Setting up the iTrack Solo with a Mac or PC is as simple as downloading the latest driver from Focusrite’s site, installing it, and then connecting the device via USB. The iTrack Solo is self-powered, so you don’t need the AC adapter when using it in this fashion. In testing, the interface worked exactly as advertised with the MacBook Pro and Logic. With Logic’s I/O buffer size set to 64 samples, round-trip latency was 7.8ms; the 32 sample setting yielded 6.4ms of latency. Both are easily sufficient for real-time performance and recording. I tested the iTrack Solo in a back-to-back comparison with the M-Audio Fast Track; the iTrack Solo sounded a little more transparent and smoother in the mid-high range, although both were just fine for pro-level recording projects on a budget.
Using the iTrack Solo with an iPad is slightly more complex: You must plug the USB cable into the AC adapter, plug that into the wall, and then connect the iTrack Solo to the iPad using the Device Link port and supplied cable. For whatever reason, the 6-inch proprietary cable is exceedingly short and rigid. It basically necessitates placing the iPad and the iTrack Solo right next to each other. You also have to be careful with the weak-feeling plastic prongs—and by all means, make sure you don’t lose it. But the hookup was drama-free, at least, and it worked on the first try in my tests.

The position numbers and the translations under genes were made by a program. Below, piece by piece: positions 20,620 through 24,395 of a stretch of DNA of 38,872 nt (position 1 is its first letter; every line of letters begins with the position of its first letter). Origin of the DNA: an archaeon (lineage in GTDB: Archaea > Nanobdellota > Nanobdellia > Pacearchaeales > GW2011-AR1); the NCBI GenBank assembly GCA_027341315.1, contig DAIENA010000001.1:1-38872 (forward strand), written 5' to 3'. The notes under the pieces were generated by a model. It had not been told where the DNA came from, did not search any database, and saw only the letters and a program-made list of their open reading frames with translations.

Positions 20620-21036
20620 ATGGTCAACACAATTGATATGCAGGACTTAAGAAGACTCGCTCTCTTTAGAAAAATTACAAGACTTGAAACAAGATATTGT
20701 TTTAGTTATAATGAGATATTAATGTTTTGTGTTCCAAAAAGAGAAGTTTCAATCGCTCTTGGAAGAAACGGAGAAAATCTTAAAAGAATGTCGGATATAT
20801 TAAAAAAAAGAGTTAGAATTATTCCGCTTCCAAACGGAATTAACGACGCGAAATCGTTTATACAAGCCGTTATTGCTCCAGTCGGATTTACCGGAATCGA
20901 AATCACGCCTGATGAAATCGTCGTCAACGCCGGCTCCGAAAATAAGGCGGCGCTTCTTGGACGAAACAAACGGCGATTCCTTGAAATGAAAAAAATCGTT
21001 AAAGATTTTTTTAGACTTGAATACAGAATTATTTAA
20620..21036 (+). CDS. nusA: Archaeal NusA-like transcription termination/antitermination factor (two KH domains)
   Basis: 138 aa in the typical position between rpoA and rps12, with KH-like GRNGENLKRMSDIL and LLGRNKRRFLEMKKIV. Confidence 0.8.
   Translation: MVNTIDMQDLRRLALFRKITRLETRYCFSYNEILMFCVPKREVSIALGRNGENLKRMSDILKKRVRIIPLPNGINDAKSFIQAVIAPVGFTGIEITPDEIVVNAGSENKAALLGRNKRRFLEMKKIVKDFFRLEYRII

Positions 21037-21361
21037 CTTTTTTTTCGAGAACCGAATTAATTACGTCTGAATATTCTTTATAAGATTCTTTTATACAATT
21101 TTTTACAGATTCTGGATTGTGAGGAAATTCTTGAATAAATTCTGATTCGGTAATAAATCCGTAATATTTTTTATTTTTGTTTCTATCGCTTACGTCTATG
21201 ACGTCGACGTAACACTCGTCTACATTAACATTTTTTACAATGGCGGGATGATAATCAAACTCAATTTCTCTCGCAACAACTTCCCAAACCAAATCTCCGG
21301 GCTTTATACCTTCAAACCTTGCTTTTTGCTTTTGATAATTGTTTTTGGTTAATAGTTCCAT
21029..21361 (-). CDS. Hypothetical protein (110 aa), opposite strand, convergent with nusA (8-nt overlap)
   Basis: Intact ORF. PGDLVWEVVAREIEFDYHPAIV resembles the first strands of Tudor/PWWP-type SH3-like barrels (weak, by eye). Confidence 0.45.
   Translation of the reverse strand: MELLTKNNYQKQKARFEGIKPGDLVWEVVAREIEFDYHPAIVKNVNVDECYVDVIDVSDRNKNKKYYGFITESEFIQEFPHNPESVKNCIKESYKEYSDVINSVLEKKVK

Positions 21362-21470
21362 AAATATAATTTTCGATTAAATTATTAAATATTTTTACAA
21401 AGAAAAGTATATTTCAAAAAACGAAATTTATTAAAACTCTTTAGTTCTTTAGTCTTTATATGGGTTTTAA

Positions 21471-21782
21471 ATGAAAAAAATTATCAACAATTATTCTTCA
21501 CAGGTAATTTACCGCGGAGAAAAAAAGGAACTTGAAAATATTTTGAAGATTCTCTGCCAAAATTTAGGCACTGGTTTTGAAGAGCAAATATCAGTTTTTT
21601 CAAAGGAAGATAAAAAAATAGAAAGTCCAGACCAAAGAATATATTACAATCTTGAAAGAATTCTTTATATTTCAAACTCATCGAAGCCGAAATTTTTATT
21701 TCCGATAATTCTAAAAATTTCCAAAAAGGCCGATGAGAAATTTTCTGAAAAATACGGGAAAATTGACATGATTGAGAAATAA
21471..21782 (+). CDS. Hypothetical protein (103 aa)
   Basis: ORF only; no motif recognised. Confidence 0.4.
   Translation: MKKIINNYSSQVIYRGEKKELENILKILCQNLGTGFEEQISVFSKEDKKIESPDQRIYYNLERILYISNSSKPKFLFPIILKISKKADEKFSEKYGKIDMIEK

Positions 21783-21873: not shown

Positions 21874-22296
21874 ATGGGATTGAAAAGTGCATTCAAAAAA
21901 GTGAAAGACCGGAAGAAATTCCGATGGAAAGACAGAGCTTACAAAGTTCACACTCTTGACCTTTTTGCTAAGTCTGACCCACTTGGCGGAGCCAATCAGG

With the iPad and GarageBand 1.2, the Focusrite iTrack Solo did its job beautifully once connected. I had no problems laying down a few instrument tracks with the internal sounds, and then recording audio on top of it. The Focusrite mic preamp sounded clean, warm, and full with the Rode NT-1A large diaphragm condenser mic I used for testing. Whenever the input signal crept too loud, the halo light around the gain dial changed from green to flashing red as advertised, and this was reflected in the recorded waveform as well. The Direct Monitor button lets you record and monitor audio directly, so there’s no comb-filtering effect from the latency.
I suppose I could knock the iTrack Solo for its annoying cable-related setup. But the interface costs barely more than the competition, sounds great, and throws in native iPad capability. And it still functions as a regular stereo audio interface for PCs and Macs otherwise, for barely more than what non-iPad-compatible two-channel interfaces cost. It’s tough to ignore that kind of value, and the short proprietary cable issue only comes up when you use it with an iPad anyway.
The M-Audio Fast Track is the closest competitor; it’s made of plastic and lacks native iPad support, but it’s slightly less expensive and still delivers good sound quality. I’m a little worried about the situation with Avid, though; the company recently sold off M-Audio, but kept charge of the audio interface portion of the subsidiary’s lineup, which leaves the future of the Fast Track in question. The Avid Mbox Mini is a more expensive and popular alternative; it also doesn’t support iPads natively, but it comes with a free copy of Pro Tools SE and is built just as well as the iTrack Solo. Finally, if you’re a Reason fan, the Propellerhead Balance costs significantly more, but it’s well crafted and integrates more tightly with that software than any other interface I’ve tested.
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Copyright © 2012 Ziff Davis, Inc